A simple Python raytracer that supports spheres with configurable "material" properties (base color and a bunch of light coefficients). To generate a raytraced image of the pre-defined scene, run: python and open image.ppm with a PPM-compatible viewer (eog works fine on Linux):

raytraced spheres


I found the following resources extremely helpful:

View microtime.c
#include <sys/time.h>
* Returns the current time in microseconds.
long getMicrotime(){
struct timeval currentTime;
gettimeofday(&currentTime, NULL);
return currentTime.tv_sec * (int)1e6 + currentTime.tv_usec;

adding a map to any website

Rendering a web-map without resorting to Google Maps is surprisingly trivial. The following example uses the incredible open-source Leaflet library and map tiles provided by OpenStreetMap. Check it out on rawgit.



bpython+ is a thin wrapper around the bpython interpreter, which allows the user to specify whether it should be executed with version 2 or 3 of the Python interpreter; the implementation is practically identical to that of pylint+.


You must have:

  • python2 in your $PATH
  • python3 in your $PATH


Developers commonly work on both Python 2 and 3 codebases, so it's desirable to configure the pylint utility to execute against a specific version of the language. Problematically, it relies on the system-wide Python interpreter (for abstract syntax trees, etc.), so simply passing in a flag, like --use-version 3, wouldn't suffice; the solution is to write a thin wrapper script around pylint which executes it with the proper interpreter.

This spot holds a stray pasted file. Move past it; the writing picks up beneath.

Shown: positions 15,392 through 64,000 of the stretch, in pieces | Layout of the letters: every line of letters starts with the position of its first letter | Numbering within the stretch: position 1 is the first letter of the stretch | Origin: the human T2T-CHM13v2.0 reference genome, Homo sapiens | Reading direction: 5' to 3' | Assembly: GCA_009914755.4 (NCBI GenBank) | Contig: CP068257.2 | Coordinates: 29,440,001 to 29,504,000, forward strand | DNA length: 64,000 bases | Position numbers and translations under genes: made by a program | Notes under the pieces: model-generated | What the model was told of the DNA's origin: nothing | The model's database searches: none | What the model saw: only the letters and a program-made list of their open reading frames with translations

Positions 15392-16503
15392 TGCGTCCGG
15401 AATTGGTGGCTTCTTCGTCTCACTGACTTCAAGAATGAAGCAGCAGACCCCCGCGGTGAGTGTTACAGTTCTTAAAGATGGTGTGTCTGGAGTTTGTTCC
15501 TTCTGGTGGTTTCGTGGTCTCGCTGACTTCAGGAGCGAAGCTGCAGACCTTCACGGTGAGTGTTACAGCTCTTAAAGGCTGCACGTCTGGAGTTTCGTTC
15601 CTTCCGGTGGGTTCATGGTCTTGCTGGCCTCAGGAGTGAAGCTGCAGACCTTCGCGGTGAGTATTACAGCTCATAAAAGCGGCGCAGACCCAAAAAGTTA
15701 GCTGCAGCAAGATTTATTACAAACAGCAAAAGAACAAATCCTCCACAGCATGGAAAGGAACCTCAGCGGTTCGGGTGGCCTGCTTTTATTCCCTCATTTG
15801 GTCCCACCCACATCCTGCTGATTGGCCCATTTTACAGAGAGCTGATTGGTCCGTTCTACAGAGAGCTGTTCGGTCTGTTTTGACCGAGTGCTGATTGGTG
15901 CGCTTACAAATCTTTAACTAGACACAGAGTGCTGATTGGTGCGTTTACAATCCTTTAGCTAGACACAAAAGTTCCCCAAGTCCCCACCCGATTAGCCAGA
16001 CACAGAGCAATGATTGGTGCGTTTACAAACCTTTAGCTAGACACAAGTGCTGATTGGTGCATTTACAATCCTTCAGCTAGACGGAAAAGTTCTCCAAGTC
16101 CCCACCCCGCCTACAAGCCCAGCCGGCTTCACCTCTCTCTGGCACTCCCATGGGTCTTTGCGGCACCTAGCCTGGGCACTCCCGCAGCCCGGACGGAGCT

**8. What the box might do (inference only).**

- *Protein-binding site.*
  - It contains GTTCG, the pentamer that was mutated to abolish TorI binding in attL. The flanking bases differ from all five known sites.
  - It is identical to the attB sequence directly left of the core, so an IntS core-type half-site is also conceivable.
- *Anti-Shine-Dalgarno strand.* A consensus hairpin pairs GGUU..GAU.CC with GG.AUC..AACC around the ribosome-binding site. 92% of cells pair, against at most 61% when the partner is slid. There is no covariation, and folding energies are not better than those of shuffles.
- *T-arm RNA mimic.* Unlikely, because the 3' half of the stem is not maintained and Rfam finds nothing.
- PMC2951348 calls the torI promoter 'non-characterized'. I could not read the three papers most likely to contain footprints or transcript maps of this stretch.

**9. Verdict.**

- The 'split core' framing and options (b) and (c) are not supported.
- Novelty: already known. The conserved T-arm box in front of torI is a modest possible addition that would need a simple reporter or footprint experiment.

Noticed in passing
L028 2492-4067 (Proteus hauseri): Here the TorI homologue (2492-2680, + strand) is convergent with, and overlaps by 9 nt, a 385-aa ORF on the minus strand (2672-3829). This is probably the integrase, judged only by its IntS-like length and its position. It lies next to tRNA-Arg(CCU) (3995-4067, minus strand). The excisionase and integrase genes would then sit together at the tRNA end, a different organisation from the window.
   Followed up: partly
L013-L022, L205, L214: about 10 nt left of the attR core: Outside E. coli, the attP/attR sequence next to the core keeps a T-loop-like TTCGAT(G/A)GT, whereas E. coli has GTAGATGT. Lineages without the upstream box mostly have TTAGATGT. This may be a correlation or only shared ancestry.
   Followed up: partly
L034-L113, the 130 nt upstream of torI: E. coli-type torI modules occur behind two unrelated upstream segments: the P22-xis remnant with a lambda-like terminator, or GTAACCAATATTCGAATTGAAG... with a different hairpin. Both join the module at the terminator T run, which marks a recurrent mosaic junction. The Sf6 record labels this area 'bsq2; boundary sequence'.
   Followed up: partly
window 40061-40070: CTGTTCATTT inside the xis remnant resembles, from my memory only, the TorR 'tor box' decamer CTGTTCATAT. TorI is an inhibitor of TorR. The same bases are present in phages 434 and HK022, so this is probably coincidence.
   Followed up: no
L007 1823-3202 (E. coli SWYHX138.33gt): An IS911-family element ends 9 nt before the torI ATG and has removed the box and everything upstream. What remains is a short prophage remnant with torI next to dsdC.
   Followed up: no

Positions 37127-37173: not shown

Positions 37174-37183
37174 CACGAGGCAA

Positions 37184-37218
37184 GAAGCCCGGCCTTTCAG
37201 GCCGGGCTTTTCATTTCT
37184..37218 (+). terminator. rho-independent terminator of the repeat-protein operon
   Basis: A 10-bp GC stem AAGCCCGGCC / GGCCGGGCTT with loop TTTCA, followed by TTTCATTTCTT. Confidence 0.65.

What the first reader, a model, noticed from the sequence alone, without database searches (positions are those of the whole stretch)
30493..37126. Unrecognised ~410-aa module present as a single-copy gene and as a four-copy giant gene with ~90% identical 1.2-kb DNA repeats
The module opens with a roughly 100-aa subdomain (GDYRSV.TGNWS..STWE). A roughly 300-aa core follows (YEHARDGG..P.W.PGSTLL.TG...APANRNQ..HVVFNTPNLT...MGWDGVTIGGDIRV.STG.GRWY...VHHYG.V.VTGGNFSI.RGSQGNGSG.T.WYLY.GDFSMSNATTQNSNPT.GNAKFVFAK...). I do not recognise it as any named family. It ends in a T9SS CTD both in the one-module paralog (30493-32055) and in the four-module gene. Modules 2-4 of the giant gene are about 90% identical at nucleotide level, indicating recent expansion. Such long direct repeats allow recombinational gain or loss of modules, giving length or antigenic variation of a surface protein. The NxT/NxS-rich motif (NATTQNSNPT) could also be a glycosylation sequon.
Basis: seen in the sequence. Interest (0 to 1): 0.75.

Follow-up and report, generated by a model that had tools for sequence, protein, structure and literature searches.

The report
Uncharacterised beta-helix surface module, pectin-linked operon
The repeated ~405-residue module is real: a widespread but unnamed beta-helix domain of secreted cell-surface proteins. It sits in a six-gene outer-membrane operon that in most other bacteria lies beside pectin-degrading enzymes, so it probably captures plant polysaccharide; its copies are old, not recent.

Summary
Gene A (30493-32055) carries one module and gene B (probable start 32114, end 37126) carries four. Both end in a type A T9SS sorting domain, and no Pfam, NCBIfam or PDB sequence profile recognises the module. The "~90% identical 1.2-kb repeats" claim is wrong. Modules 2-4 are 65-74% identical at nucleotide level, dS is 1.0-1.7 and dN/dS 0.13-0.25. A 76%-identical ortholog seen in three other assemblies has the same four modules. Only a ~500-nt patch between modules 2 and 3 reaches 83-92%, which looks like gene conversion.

You must have:

  • python2 in your $PATH

compile full Vim

The default Vim installed on most Linux distros lacks a number of vital features, like xterm_clipboard (allows copy-and-pasting to the system clipboard) and python (on which certain plugins rely). The shell script removes the currently installed Vim and compiles a full-featured version; it's based entirely off Valloric's YouCompleteMe walkthrough, which it bundles into a simple script for convenience. Vim will be compiled with the following feature flags:

  • --with-features=huge
  • --enable-multibyte

import quattroshapes into PostgreSQL

The shell-script will import all Quattroshapes shapefiles into a PostgreSQL database. The process has some gotchas and is generally painful to do manually. Before running the script, ensure that you are logged in as a user with permissions to access/write to PostgreSQL. Then:


Note that the script will create a Postgres table quattroshapes, and download all Quattroshapes shapefiles into